Germany sells a zero-percent 30-year bond for the first time

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Germany will auction a 30-year bond with a 0% interest rate for the first time on Wednesday.

The bond sale that took place at 10:30 a.m. London time will mean the German government will not make any interest payments to those buying the bond until it matures in August 2050.

Bondholders would usually receive both the face value back as well as interest payments over the assets lifetime. But a zero-coupon bondholder would only receive the face value back.

The sale of 2 billion euros of the long-term bond that was announced last week comes at a time when the yields of these fixed-income assets have hit record lows, with many moving into negative territory as investors look to shelter from market turbulence and capitalize on central bank easing.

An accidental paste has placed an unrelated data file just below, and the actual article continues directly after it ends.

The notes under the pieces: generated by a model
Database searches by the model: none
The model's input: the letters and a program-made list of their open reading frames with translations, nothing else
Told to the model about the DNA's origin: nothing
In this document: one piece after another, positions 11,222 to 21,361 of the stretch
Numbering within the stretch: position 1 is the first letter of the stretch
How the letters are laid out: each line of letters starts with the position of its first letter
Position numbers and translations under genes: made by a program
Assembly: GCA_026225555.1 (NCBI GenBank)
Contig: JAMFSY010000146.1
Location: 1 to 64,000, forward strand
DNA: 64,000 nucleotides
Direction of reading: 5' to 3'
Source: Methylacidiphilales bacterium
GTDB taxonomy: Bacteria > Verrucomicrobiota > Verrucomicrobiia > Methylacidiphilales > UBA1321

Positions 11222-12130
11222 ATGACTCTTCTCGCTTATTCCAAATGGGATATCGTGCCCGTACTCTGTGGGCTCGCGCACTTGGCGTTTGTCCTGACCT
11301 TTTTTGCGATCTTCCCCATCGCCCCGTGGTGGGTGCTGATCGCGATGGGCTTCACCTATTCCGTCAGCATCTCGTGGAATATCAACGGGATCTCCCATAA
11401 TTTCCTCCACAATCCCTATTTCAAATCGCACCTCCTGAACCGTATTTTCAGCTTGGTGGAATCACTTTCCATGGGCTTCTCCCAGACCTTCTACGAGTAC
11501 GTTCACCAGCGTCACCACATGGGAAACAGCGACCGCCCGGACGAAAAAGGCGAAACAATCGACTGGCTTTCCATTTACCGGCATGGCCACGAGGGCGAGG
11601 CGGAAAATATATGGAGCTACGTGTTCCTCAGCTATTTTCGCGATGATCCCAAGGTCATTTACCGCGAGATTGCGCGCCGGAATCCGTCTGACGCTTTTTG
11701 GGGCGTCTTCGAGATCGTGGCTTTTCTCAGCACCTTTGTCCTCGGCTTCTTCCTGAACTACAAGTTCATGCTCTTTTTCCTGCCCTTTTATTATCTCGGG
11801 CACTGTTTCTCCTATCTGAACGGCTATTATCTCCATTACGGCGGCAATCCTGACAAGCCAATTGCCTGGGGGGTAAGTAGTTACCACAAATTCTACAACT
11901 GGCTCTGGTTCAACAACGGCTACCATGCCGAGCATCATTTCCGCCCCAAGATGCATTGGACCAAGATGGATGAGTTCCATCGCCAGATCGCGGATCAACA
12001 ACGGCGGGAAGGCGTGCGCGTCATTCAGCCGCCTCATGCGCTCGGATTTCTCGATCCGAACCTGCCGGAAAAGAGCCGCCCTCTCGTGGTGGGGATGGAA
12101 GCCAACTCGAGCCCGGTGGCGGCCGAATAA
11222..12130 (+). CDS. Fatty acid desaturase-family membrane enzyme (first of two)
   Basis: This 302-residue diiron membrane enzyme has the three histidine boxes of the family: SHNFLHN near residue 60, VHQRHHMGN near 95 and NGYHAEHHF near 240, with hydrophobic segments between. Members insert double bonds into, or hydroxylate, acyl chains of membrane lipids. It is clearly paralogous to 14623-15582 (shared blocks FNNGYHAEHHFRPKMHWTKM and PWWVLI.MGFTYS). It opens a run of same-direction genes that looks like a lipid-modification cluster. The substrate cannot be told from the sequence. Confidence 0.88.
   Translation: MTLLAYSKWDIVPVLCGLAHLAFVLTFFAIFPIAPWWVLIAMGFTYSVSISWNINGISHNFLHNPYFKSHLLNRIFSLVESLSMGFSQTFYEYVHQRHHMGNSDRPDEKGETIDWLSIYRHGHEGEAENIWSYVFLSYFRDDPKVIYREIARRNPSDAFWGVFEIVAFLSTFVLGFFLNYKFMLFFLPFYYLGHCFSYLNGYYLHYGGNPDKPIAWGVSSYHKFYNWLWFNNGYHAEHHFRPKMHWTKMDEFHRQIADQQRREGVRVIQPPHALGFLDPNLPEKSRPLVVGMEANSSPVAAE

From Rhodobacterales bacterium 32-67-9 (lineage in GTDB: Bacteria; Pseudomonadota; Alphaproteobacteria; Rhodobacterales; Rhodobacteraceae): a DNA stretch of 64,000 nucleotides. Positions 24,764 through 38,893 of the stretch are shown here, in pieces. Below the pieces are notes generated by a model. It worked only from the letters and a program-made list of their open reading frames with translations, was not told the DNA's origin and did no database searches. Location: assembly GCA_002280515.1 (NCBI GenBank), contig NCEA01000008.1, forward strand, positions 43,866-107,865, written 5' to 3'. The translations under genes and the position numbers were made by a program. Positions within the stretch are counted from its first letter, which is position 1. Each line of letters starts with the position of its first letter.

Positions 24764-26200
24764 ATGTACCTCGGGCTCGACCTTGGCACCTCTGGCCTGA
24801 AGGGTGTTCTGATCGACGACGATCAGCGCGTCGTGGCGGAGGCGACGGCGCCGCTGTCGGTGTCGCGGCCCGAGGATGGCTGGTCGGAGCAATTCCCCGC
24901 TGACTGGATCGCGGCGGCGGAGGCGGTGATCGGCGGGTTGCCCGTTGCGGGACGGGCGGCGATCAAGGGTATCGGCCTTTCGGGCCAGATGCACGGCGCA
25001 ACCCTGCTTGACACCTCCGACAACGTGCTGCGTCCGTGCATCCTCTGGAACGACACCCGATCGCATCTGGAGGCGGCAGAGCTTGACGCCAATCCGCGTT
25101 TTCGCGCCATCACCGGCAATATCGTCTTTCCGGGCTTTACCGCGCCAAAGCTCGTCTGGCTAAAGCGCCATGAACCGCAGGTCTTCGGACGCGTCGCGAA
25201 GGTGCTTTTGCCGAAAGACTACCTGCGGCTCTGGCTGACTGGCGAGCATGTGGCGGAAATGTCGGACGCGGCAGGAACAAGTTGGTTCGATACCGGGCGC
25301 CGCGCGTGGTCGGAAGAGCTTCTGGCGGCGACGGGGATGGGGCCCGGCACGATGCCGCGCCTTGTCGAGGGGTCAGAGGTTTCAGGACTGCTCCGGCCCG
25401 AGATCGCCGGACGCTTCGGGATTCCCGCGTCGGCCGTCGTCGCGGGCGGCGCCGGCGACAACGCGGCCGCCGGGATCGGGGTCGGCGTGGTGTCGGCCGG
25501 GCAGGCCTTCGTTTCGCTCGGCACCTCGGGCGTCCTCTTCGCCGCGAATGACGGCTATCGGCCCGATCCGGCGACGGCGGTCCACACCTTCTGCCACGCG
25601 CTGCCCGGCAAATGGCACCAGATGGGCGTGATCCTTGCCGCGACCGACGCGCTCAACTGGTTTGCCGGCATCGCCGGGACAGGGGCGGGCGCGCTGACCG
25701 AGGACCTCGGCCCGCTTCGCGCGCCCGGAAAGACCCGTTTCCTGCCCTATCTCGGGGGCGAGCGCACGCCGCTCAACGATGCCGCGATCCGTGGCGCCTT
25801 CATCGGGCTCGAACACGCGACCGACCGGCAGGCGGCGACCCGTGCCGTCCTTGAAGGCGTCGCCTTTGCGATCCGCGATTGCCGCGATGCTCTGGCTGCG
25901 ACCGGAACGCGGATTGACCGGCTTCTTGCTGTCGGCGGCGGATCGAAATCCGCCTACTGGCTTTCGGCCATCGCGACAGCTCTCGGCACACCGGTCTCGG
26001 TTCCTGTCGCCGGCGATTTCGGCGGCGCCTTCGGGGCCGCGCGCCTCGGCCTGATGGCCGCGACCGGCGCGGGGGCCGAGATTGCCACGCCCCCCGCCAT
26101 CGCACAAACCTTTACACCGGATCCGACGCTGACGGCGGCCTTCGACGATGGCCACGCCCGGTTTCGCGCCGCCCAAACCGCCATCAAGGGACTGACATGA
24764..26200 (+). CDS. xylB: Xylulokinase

A zero-coupon bond from the German government is an option for investors to park their money in a longer term safe-haven asset and lock their cash for a 30-year period amid global uncertainties.

In a challenging market environment, investors tend to move their investments from riskier assets into safe-havens like gold and government bonds, thereby bumping up demand and prices. Bond yields move inversely to prices, and hence have been turning negative.

A bond’s coupon rate is the rate of interest it pays annually, while its yield is the measure of return based on coupon and purchase price.

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